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  • Joseph Polack

OLYMPIC LOCAL VIEWS: VOLUNTEERS

Though many of our friends have died during the past six months, my Japanese neighbor, Atsuko, refused to give up her Olympic dream.



She knew that remaining an officially accredited but unvaccinated Japanese Olympic Volunteer could cost her life.



Seven weeks before the Olympics, Atsuko and 80.000 of her fellow volunteers, have not been informed whether they will be tested for the coronavirus, Iet alone vaccinated.


After 3 years of tough volunteer training, her sense of duty seems stronger than her survival instinct. Our attempts to persuade Atsuko that her sacrifice was too high a price, didn’t help. She claimed that being from a Hokkaido family she trained herself from childhood to endure cold winters and hot summers by just keeping quiet.


Since the State of Emergency was extended again, 10.000 of Atsuko’s fellow volunteers resigned en masse. Some were scared by increasing death numbers. The others, by a growing post-Olympic nightmare of mutating viruses.


Being an accredited Olympic Volunteer didn’t give Atsuko rights to be vaccinated ahead of others. She told me that her own elderly mother was lucky to get her vaccination date moved from October to July.


As only 5% of Japan’s population was fully vaccinated 6 weeks before Olympics, Atsuko kept patiently waiting for her turn. Between attending online funerals of our international friends, she continued her daily physical build up to keep her Olympic stamina intact.




Years before joining our multi-ethnic Henna Gaijin Swimming Club (HGSC) in Kamakura, Atsuko competed in track & field events, ran a Honolulu Marathon, served as skiing instructor in her native Hokkaido, and travelled the world.





She told me that becoming an Olympic Volunteer was her way to repay kindness of all these people she had encountered during her many decades of overseas journeys.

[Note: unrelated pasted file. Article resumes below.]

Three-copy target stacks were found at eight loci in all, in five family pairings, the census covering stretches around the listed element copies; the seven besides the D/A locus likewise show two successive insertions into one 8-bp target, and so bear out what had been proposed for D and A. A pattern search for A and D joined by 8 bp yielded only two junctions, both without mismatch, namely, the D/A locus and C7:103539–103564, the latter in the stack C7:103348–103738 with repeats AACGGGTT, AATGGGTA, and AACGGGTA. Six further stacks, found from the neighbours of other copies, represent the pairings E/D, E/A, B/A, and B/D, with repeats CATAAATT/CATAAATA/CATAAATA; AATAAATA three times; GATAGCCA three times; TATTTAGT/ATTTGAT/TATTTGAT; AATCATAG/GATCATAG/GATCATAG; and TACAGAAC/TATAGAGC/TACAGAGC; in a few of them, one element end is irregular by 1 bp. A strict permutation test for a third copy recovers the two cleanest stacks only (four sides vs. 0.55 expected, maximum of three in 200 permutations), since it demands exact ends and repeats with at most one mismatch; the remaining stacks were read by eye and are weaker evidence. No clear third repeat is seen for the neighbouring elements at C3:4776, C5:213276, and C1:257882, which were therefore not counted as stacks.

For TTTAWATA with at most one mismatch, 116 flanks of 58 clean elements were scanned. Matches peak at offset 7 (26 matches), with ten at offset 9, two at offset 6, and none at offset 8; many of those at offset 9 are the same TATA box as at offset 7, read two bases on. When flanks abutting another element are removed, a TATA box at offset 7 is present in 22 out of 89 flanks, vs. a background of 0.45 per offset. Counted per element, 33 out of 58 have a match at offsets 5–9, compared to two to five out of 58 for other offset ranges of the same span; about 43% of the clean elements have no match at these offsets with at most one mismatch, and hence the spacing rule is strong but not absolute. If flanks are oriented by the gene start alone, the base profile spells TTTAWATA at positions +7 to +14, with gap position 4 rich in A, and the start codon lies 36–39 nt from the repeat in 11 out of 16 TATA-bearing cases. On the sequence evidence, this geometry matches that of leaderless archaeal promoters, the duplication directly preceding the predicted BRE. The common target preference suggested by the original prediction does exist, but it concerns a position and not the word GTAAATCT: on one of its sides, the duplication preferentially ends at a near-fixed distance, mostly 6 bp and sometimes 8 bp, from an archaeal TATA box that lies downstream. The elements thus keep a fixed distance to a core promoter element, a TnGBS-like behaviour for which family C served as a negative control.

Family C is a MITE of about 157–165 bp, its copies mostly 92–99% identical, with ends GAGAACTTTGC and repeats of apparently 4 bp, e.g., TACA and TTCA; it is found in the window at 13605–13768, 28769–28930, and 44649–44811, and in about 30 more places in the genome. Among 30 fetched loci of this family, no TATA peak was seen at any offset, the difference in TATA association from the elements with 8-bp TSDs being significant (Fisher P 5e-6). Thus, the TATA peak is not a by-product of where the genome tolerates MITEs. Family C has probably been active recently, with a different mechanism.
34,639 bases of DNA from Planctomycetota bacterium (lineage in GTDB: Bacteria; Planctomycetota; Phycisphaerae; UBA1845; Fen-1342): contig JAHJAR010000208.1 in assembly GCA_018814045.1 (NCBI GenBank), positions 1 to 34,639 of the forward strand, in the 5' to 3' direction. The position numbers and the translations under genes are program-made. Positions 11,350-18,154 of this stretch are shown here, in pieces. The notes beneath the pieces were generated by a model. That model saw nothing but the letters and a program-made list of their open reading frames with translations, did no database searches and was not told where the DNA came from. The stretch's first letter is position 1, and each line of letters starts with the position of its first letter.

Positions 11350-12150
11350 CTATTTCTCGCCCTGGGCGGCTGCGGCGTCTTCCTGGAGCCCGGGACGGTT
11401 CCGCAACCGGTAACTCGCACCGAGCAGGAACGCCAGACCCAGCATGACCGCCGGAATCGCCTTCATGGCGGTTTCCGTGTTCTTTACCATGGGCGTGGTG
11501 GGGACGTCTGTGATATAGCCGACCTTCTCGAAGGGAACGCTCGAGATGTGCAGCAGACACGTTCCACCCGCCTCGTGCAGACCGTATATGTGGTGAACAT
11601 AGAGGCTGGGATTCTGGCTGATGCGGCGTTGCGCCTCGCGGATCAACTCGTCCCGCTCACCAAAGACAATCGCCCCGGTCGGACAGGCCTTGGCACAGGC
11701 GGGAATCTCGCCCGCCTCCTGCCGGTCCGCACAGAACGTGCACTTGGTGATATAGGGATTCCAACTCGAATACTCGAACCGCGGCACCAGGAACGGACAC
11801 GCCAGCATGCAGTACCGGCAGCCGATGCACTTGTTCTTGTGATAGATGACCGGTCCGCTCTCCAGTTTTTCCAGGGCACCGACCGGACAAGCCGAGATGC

And on Atsuko’s long lists of Olympic visitors there are a dozen of small and big countries from Eurasia and both Americas. She hopes to serve the Olympic visitors this summer from the countries she had visited as a young student and a Japanese-English interpreter.


After our frequent rough water races in Kamakura and Fujisawa, Atsuko discloses many albums stored in her mobile phone.


Her Instagram memories of Canada, US, UK, Hong Kong, Italy, are followed by photos she took in Indonesia, Saipan, Estonia, Finland and other countries.



Then she shows me her photos from a 2019 Pre-Olympic Japanese-British Seminar that she co-chaired with Peter. Peter had attended London Olympics as a volunteer,

and was a model for her to follow. Then the Covid-pandemics struck and her life priorities became less certain.



One day, after completing our Kamakura rough water racing, Atsuko and I revisited the home of our Henna Gaijin Swimming Club’s (HGSC) Chair-for-Life, Phil. Regardless of his age at 77 years and two recent Covid vaccinations, Phil remains

in good shape to challenge much younger local swimmers.




Our conversation in Phil's seaside garden gradually switches to one of our newly elected overseas HGSC members, a 72 year old Briton, Alan Holmes. Alan and Atsuko, are both volunteers. But in contrast to Atsuko, Alan’s focus is on rough water swimming for money to collect funds for a brain tumor research charity.


And though Atsuko & Alan live over 10.000 km apart, Atsuko joined our HGSC local races to support Alan's brain research charity. When, I asked her why, she simply said “I lost my father to brain diseases. Though I am from a family of Hokkaido doctors and we owned several large hospitals for generations, he couldn’t be saved.”


Last week I met Atsuko’s daughter Miro in our beach-side animal shelter. We talked about her unvaccinated mother’s risky Olympic volunteering. Miro hoped that the vaccination speed may increase further in Japan. Recently her 90 year old grandmother’s vaccination date was changed from late-fall to a mid-summer.



49 days before the scheduled start of Olympics, Atsuko invited me to visit Fujisawa City Hall. As Fujisawa will be hosting the Olympic water sports races at our Enoshima

neighborhood, I thought it was an opportunity to interview city officials about the danger of hosting Olympics during the State of Emergency.



Though I talked to several junior and senior officials on separate occasions, they always shared my concerns about unvaccinated Olympic volunteers, but their opinions remained as always politely ambiguous. “Yes, the situation isn’t too good, but let’s hope for the best.”


When, I asked if there is any worse-case scenario, including cancelling the Olympics as almost 80% of Japan’s residents demand, I was given a familiar answer: “We understand your worries, but unfortunately, we could do nothing. Everything is up to the International Olympic Committee.”